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3-014 (Original)

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author,male,The Argus,un addressee
Newspaper Article
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Public Written
Newspapers & Broadsides
Clark, 1957
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Wednesday 17th September, 1851.
Geelong is mad, stark, staring, gold-mad. If all who are now going to the diggings make their fortune, they will be lucky fellows indeed; the host of disconsolate wives, or as they are here called 'grass-widows' and their families, is astonishing. In Moorabool-street, to-day, I saw two bullock drays being loaded for the diggings, and I should think there were not less than 120 people about them, although not all going with them at that time; there were five or six cradles, two or three wheelbarrows, a couple of dozen tin dishes, and about the same number of beds and boxes on each; besides ropes, frying-pans, ovens, stretchers, tarpaulins, quart and pint pots, buckets, guns, sieves, picks, crowbars, spades, &c., &c., &c., but while looking at them and admiring the anxiety each displayed to get the drays loaded, the wind came swooping round the corner, enough to cut one in two, and I left them, thanking my stars that I was not so foolish as to face the road to the mines during the present weather. I verily believe it will be the death of some of them.
Wednesday, 1st October.
We have got abundance of gold, and the evil effects of the discovery are following fast in the wake of it. [291] Already wages are rising, the common necessaries of life are rising, wood and water are rising. There is no appearance of the demand for labour for our shearing and harvest being supplied, even if a constant stream of emigration sets in immediately, it will benefit us far less than many expect. The women and children may remain in town, but the male adults will go to the mines. It is impossible to reason with most men on this subject, and persuade them that the whole matter is one of chance. No, they must have a try, to satisfy themselves; if that trial be successful, there they will stick - their services are lost to the country.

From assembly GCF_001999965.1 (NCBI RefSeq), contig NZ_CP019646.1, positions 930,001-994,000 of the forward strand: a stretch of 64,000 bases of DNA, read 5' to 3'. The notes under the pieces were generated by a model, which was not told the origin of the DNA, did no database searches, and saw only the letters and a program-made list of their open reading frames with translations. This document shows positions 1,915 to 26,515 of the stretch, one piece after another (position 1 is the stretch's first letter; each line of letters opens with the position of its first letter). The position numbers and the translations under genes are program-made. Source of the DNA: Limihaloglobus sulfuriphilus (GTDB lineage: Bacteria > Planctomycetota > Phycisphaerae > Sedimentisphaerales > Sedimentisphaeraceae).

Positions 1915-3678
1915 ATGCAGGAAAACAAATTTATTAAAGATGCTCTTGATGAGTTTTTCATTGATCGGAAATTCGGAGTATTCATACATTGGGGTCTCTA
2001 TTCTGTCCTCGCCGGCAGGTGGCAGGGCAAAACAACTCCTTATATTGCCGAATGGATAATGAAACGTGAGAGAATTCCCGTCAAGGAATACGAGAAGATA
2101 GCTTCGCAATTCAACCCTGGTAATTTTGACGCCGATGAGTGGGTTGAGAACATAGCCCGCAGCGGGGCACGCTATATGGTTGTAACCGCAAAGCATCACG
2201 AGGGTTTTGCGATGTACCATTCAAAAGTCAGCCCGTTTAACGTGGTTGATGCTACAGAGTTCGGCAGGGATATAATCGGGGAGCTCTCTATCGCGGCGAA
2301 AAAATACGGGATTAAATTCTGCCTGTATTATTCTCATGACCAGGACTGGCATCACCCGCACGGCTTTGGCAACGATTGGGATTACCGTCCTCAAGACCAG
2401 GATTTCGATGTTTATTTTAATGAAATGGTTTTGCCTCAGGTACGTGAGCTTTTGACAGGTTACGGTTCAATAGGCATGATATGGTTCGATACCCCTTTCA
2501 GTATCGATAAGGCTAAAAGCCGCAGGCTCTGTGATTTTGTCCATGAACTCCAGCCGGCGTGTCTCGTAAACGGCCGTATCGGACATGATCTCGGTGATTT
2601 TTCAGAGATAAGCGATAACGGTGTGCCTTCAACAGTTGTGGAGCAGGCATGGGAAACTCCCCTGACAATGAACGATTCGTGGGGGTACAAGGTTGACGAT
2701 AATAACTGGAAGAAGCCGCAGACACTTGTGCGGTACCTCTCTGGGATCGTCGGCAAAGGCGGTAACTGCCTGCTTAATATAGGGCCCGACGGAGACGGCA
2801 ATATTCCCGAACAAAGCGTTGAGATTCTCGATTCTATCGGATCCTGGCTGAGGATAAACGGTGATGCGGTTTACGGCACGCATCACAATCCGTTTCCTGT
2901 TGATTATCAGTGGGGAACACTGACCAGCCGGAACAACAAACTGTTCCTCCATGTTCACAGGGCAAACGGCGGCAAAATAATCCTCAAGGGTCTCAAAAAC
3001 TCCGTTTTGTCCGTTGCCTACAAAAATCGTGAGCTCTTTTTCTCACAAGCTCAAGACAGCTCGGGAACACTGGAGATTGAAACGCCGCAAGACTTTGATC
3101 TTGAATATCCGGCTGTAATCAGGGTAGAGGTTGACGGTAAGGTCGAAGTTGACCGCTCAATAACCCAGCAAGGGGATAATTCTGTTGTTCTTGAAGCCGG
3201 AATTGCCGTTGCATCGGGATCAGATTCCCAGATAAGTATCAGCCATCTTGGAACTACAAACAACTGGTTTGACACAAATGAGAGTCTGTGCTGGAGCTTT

The evil is of such magnitude and the position of the colony with its government so unsettled, that I would strongly advise the immediate appointment, by public meeting, of a deputation to meet the Executive and consider the best means of averting what is likely to become a great public calamity. Geelong, and I suppose Melbourne is similarly situated, is being depopulated. The police force are handing in resignations daily; even the sergeants are leaving.
The Custom House hands are off to the diggings; seamen are deserting their vessels; tradesmen and apprentices are gone, their masters are following them: contractors men have bolted, and left large expensive jobs on their hands unfinished. What are the contractors to do? Why follow their men, and off they go; patients in becoming convalescent, forget the attention of their doctor, and his kindness in bringing them round, and depart without ever wishing him good bye; the doctor must of course follow, and the lawyer on the same principle follows his clients, and all agree that Ballarat is the only place where there is a possibility of squaring off old accounts, by coming down with the dust.